Congratulations are in order for Steve Riley, recipient of the 2017 Out in Science, Technology, Engineering, and Mathematics (oSTEM) Partner Excellence award.
The oSTEM Partner Excellence Award is presented to an individual representative of a current sponsoring organization, community partner or grant provider of oSTEM that has demonstrated a strong dedication to oSTEM, LGBTQ people in STEM and STEM education. The recipient is also an outstanding role model for the future of our community, accomplished in their academic or professional lives, and regularly advocates for the full inclusion of people of all marginalized identities.
Riley was presented the prestigious award on Nov. 18 at the 2017 oSTEM Conference in Chicago by oSTEM President and CEO Cortland Russell. He’s now the third recipient of the award.
“As it turns out, a colleague had nominated me and provided a glowing write up that, upon reflection, made me so proud that the little things I’ve done over the years have added up to make such a difference in peoples’ lives and perspectives of the LGBTQ community,” Riley said.
An accomplished engineer in the Flight Operations Directorate at NASA’s Johnson Space Center, Riley serves as the deputy chief for the Space Vehicle Mockup Facility, where he supports facility projects, upgrades and operations to keep astronaut and flight controller training running smoothly.
Riley influenced NASA’s participation in the 2017 oSTEM conference after coming away with a great experience at last year’s event. He helped convince NASA Headquarters that the agency needed to become involved, which led to NASA becoming a gold sponsor for the 2017 oSTEM Conference.
Riley said, “oSTEM is a unique organization in that they support universities from all over the country (and even some outside the country) who come together for a weekend of enrichment and workshops to pair their STEM identity with their LGBTQ identity. NASA has a tremendous opportunity to connect with around 500 students with amazing diverse backgrounds and leverage that for recruiting, as well as spread NASA’s message across that audience.”
While attending this year’s conference, Riley reconnected with a student he had met in 2016 and learned how he had unknowingly made an impact on the student’s life. The student shared during dinner, through tears, that meeting Riley the previous year had reaffirmed a decision to become an engineer. The student realized that one didn’t have to leave their LGBTQ identity at home to join the workforce.
Riley was a shoulder to cry on and, as a result of the meeting, the student “brought a group of 16 students to the oSTEM conference this year,” Riley said. “That was incredibly humbling.”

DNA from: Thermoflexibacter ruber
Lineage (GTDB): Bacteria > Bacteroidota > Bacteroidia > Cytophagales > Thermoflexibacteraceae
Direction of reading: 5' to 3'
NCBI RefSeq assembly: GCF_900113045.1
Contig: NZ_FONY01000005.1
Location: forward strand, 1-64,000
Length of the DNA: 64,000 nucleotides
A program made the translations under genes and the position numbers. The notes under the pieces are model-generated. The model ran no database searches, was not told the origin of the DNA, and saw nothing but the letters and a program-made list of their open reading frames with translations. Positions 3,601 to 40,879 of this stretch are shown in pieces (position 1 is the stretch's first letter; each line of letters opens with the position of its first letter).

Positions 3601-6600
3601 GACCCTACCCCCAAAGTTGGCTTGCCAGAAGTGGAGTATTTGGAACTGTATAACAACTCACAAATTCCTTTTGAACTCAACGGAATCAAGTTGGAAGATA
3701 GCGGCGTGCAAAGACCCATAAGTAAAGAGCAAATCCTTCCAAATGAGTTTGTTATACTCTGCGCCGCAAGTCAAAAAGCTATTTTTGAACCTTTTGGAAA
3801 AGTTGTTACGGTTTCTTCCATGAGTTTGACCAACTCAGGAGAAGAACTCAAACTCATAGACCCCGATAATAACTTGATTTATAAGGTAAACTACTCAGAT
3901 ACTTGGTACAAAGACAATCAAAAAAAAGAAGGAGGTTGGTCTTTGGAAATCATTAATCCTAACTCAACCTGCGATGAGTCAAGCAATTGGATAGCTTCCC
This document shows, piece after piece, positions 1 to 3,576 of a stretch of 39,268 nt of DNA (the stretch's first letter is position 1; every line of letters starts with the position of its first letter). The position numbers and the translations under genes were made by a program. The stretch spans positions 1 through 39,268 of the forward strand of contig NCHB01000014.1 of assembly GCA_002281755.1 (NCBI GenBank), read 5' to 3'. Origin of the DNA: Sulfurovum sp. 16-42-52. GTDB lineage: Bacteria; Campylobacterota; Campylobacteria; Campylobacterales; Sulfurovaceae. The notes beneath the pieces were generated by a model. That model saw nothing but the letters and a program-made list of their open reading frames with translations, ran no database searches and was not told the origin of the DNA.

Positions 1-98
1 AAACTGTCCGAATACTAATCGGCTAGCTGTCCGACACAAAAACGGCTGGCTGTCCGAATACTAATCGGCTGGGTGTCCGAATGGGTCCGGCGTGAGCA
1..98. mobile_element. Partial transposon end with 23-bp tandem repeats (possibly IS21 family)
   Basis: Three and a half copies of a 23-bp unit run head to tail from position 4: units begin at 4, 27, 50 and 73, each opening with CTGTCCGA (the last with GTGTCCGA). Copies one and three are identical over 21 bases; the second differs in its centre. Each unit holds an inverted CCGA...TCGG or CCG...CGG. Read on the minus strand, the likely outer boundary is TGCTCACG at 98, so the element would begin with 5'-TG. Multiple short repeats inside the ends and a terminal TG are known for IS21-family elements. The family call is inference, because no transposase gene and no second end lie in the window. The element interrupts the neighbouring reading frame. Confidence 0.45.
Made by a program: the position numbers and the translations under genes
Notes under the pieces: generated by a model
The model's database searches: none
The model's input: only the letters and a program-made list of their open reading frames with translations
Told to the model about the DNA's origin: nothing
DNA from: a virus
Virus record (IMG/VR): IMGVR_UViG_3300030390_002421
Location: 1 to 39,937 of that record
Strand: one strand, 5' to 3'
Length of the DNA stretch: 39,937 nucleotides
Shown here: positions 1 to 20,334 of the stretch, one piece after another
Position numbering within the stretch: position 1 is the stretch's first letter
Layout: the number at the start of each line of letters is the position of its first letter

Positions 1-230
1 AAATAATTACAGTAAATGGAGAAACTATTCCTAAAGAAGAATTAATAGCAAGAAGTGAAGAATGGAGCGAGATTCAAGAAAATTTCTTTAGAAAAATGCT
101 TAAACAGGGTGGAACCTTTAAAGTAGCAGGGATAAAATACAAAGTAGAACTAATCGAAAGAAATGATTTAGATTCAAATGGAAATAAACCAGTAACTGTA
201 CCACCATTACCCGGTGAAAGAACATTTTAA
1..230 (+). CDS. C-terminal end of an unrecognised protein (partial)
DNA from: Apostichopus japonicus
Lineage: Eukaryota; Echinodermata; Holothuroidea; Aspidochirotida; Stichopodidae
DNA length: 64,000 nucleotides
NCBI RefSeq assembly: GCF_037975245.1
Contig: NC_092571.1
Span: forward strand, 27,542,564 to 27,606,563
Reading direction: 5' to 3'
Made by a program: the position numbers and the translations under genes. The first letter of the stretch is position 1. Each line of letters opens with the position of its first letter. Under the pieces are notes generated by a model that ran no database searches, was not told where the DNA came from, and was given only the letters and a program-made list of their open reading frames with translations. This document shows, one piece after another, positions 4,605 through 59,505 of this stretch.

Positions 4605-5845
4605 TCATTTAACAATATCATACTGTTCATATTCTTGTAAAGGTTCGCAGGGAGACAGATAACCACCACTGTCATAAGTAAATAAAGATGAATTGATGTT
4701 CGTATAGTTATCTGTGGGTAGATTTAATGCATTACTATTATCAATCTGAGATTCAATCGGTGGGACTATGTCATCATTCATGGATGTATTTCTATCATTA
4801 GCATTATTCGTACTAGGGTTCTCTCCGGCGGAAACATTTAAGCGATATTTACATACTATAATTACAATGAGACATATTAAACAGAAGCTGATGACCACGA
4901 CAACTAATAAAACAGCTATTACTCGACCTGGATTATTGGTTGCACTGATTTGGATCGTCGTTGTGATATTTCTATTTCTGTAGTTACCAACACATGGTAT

Riley has continuously displayed outstanding leadership as one of the founding members of the Out and Allied Employee Resource Group (ERG) at Johnson, becoming the ERG’s first Chair in 2011. He also helped manage the creation of the NASA “It Gets Better
” video, which landed him an agency Equal Employment Opportunity Medal.
Outside of NASA, Riley is actively involved within the greater Houston community. He has been a program participant and mentor for Hatch Youth for the past 14 years, which is an organization dedicated to empowering lesbian, gay, bisexual, transgender, intersex, queer, questioning, asexual and allied youth to become responsible citizens and positive contributors to society. Riley is also a regular participant of the annual Houston LGBT Pride Festival, promoting educational opportunities at NASA.
“Every year when we support the Houston Pride Festival and walk in the Houston Pride Parade, I am awestruck by Houston’s love for NASA,” Riley said. “We are always welcomed so warmly, and constantly have visitors telling us how much NASA means to them. For us to pair their love of NASA with their LGBTQ identity is something to witness!”
Riley is a lifelong advocate and role model for the LGBTQ community and remains steadfast in promoting workplace equality.
“For me, it’s all about giving back and paying it forward,” Riley said. “I think about what support I wish I had when I was younger and try to provide that to others, because it only takes one person to really make a difference in someone’s life—and me taking a moment to help others be comfortable in their own skin gives back much more to the world as a whole than it costs me in time.”
NASA Johnson Space Center
Steve Riley (left) receives the 2017 oSTEM Partner Excellence award. Image courtesy of Steve Riley.